Important things to know:

  • Avoid using an all-rounder credit card to withdraw cash, it can be expensive.
  • Clear your balance or transfer again before the 0% period ends to avoid costly interest charges
  • Don’t miss your minimum payment, you could lose your 0% offer, you’ll be charged a late fee and a missed payment will be added to your credit profile, damaging your credit score
  • Transfer your balance within the given window (usually the first 60 or 90 days) to secure the 0% offer
  • Typically, you cannot transfer balances between credit cards issued by the same lender


Money transfer credit cards

There a small number of credit cards on the market that offer 0% money transfers. For a small fee, you can transfer money from your credit card to your bank account. This method of borrowing can be cheaper than a loan (for amounts under £3,0) and is likely to be cheaper than your overdraft.

These cards can be beneficial if a retailer you want to make a purchase from doesn't accept cards or if you're paying interest on an existing loan or overdraft – as you can use the cash to pay these off.

Important things to know:

  • After the 0% period ends the interest rate on these cards can typically be 21-24% or higher
  • As with any credit card, missed payments can result in fines and back marks against your credit profile
  • You’ll need to make the money transfer within the given time period (usually the first 60 or 90 days) to get the 0% offer


Purchases credit cards

A 0% purchases credit card can be the cheapest way to borrow. They offer a number of months of new spending with 0% interest so are most effective when used to make a necessary, planned, affordable one-off purchase.

Important things to know:

  • Clear your debt before the 0% offer period comes to an end or transfer your balance to a balance transfer card. When the offer period comes to end, your interest rate typically is 18.9-21.9% or higher.
  • Pay at least the minimum amount each month and stay within your credit limit or you could lose your 0% offer, be charged a fine and potentially have a black mark added to your credit profile.
  • Typically, these cards aren’t cost-effective for money or balance transfers.


Credit (re)building credit cards

Designed to help people build (or rebuild) their credit history, these type of credit cards are for people with bad credit or no credit history.

If used for normal spending and if you clear the balance in full every month, they can help with building (or rebuilding) your credit score.

However, it needs to be understood that paying in full is crucial. The interest rates for credit cards for bad credit are exceedingly high. Meaning you need to be strategic in how you use them. Only spend what you can afford to pay back, in full when you receive your credit card statement.

Important things to know:

  • Interest rates on credit cards for bad credit (or no credit) can be as high as 60%, so only spend what you can afford to repay or you’ll be hit with some serious interest payments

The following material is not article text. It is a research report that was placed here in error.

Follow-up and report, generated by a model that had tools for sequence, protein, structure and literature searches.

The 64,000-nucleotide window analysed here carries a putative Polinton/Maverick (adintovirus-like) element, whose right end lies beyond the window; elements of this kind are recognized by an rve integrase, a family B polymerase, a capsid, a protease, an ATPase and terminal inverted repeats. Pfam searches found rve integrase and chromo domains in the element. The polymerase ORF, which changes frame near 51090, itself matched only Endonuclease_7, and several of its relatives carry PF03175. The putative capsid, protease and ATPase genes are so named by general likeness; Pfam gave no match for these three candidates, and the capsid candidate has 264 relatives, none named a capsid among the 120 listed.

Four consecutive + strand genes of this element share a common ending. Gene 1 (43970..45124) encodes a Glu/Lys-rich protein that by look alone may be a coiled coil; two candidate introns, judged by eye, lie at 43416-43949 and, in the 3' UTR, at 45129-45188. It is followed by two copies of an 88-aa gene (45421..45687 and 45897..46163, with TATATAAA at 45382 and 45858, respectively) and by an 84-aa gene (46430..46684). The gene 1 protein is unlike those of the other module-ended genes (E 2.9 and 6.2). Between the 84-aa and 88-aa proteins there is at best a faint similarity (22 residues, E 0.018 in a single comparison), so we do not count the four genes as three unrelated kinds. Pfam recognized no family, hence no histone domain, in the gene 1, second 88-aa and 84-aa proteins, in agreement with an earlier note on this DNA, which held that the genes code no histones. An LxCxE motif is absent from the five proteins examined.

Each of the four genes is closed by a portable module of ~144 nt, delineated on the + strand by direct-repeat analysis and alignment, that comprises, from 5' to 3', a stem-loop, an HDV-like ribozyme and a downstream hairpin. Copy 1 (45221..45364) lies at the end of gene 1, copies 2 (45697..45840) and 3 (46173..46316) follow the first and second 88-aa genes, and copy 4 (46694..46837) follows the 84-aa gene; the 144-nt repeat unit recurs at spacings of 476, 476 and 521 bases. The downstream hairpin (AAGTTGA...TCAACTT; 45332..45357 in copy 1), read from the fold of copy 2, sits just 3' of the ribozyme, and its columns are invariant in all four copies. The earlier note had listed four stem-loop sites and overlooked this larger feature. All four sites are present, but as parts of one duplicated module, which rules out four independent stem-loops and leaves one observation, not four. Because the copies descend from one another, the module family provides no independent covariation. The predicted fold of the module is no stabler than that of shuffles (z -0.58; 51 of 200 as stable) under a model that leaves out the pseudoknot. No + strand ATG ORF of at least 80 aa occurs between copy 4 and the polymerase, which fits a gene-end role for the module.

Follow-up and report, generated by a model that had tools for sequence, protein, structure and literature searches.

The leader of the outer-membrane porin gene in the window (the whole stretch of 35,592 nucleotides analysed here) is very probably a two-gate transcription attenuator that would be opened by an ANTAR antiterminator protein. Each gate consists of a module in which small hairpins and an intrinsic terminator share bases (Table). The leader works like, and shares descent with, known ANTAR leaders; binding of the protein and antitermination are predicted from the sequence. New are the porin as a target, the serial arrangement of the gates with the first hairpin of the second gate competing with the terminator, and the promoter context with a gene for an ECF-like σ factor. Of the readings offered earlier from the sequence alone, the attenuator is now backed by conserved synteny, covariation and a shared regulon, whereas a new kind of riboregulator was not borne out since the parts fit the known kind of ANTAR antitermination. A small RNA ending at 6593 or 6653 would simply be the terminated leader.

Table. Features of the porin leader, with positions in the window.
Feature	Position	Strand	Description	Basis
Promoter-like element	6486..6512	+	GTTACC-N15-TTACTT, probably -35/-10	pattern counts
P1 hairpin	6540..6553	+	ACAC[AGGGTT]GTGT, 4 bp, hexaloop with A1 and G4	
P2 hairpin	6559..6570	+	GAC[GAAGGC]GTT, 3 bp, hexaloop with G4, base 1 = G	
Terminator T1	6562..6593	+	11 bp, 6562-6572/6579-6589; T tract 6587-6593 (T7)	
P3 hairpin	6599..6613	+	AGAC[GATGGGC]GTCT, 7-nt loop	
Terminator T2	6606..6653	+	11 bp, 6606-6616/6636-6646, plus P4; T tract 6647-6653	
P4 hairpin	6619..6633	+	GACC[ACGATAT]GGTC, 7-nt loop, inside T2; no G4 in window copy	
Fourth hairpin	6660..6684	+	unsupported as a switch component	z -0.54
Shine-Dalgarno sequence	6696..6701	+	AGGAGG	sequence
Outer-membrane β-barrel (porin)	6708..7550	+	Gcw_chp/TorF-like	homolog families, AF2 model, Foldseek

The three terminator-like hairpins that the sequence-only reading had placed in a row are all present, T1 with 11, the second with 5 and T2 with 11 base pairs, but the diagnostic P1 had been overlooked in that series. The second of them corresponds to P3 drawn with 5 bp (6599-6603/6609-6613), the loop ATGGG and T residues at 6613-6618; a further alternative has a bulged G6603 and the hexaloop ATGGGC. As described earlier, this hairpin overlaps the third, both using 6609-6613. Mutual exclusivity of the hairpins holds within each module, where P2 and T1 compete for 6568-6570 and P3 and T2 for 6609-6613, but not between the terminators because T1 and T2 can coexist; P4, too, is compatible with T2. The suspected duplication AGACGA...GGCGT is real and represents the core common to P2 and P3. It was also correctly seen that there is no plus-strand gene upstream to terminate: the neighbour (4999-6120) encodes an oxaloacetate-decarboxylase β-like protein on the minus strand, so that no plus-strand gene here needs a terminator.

• Missing the minimum repayment, like with any other card will result in a fee and a black mark against you on your credit profile. This will have the opposite effect of what you are trying to achieve with this type of credit card.
  • Exceeding your credit limit can result in a fee
  • Cash withdrawals can be expensive as you’ll incur a fee and interest from the moment you make the withdrawal. Cash withdrawals are also seen as a red flag by lenders.


Cashback/reward credit cards

Earn on the money you spend with a rewards credit card. As long as you repay your balance in full each month and don’t exceed your credit limit a rewards credit card will pay you as your spend.

You can the most out of these types of cards by using them for your normal spending, just be careful of overspending. If you don’t repay in full the interest charged can easily cancel-out the rewards.

Important things to know:

  • Don’t use a rewards card to withdraw cash. It’s costly and there are no rewards.
  • Typically, rewards cards have an annual fee just to have them. If you’re not using it, cancel it.
  • As with any credit card, missing your minimum payment will likely result in a late fee and a missed payment will be recorded on your credit profile. Remember, the interest on rewards cards can easily wipe out any rewards earned, so don’t bother with a rewards card if you don’t intend to repay in full each month.


Travel credit cards

Specialist travel credit cards are great for people who travel regularly or routinely make purchases in foreign currency while in the UK.

You’ll benefit from a near-perfect exchange rate and you won’t be charged a ‘non-sterling transaction fee’.

Important things to know:

  • The interest and fees charged for missing a minimum repayment can easily cancel out any gains from the change rate.
  • Missed payments will result in a late fee and they’ll be recorded in your credit profile
  • Exceeding your credit limit will result in a fee



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Category: Credit Cards